All midwives specialize in understanding normal aspects of the childbearing cycle. They are trained to recognize deviations from the normal, recommend holistic means for bringing the situation back into the realm of normal, or refer to another practitioner when necessary. Midwives believe it is important is to provide time for questions, teaching, and time to listen to the concerns and needs of the women they care for.
There are many different paths to becoming a midwife. Which path you choose will depend on many factors: where you live, what the rules and regulations are in your state or country which govern midwives, your age and education, and what sorts of experiences you have had with birthing. The most important thing is that you need to look at your reasons for wanting to become a midwife are, both short term and long term. This will help you determine which path is best for you. The resource published by Midwifery Today Getting an Education: Paths to Becoming a Midwife gives good guidance and information about the various paths to becoming a midwife.
Some women start as childbirth educators and/or doulas to see how it feels to them. I started as a childbirth educator, and offered to labor support births with my students. It reaffirmed my decision to become a midwife, and the fire within me became very strong. I lived in California at the time, and already had a 2 year degree in nursing, so decided upon sought a Certificate program, through the University of Mississippi, which was one year. I could have done things differently, but this path seemed the best one for me at the time. While teaching childbirth classes and gaining experiences with childbirth, I soon met midwives and others interested in birthing. I observed many different types of births and began develop a personal philosophy about birthing. I also became good friends with a midwife, and she mentored me to help me gain experience. She was an unlicensed midwife who became an RN at 35 and then a CNM. She has practiced in every type of setting as a midwife, including a private home birth practice and large Health Maintenance Organization (HMO) practice.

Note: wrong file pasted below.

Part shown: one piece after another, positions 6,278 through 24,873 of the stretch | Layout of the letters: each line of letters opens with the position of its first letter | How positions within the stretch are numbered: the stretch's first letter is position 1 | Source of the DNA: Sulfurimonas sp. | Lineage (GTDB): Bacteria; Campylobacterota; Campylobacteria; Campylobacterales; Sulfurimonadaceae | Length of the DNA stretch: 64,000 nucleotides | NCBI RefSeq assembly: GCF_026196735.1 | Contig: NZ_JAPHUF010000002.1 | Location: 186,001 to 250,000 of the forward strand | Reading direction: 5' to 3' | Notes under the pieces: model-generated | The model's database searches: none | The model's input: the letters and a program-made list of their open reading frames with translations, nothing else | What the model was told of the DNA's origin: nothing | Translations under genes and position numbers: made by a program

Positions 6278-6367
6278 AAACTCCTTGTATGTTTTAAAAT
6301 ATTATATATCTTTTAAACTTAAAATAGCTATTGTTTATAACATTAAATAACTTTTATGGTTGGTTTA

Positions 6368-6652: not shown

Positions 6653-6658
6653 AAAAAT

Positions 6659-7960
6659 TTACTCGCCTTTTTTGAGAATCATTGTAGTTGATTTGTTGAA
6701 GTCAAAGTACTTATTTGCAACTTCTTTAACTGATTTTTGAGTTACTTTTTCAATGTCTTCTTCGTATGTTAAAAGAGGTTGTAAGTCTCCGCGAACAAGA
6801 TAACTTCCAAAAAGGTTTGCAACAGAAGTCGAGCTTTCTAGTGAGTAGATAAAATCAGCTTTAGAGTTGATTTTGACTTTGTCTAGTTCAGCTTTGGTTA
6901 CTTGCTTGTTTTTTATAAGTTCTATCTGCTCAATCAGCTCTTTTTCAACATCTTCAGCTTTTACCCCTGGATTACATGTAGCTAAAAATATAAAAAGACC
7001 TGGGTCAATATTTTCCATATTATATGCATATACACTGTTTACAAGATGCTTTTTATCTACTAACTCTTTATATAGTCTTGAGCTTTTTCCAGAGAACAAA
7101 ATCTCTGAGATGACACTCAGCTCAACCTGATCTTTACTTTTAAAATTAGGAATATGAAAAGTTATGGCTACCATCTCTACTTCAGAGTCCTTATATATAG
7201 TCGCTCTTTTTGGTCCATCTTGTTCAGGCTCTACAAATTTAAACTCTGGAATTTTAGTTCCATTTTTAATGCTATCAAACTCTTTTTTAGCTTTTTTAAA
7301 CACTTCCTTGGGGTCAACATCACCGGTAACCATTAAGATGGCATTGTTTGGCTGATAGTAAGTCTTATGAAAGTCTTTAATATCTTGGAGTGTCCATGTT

Seek midwives in your community, state and country of province. Speak with local childbirth educators about midwives they know, and of course, talk with your friends about their birth experiences and their particular choice of provider. Watch for health fairs in your area, check with herb and health food stores and ask questions of other types of health providers such as massage therapists and doulas.
Call the local hospitals and ask about midwives, childbirth educators and doulas. Some systems have referral systems for midwives well thought out, and you can easily locate a midwife. In other areas you may need to ask lots of questions. Ask La Leche League leaders for names of midwives they know, as would any other groups that work with mothers and infants. There might be a listing within your phone book for midwives, but some midwives are not listed there due to finances or legalities. In Georgia, in the US, only CNMs are found in the yellow pages and none of them attend homebirths. Contact nurse practitioners in your area, and also your local Health Department and Planned Parenthood. They will usually tell you their favorite providers first. Contact the American College of Nurse Midwives ACNM@aol.com Phone: (202) 728-9860) for information about schools and practices within your area or The Midwives Alliance of North America Manainfo@aol.com Phone: (316) 283-4543) 6. HISTORY OF MIDWIFERY IN THE UNITED STATES (in development)
Additional Documents about Midwifery include:
This FAQ was prepared by Pat Sonnenstuhl, ARNP, CNM firstname.lastname@example.org with the supportive assistance and contributions of the following individuals. Suggestions for topics to add to the FAQ are always welcome.
Pat Sonnenstuhl, ARNP,CNM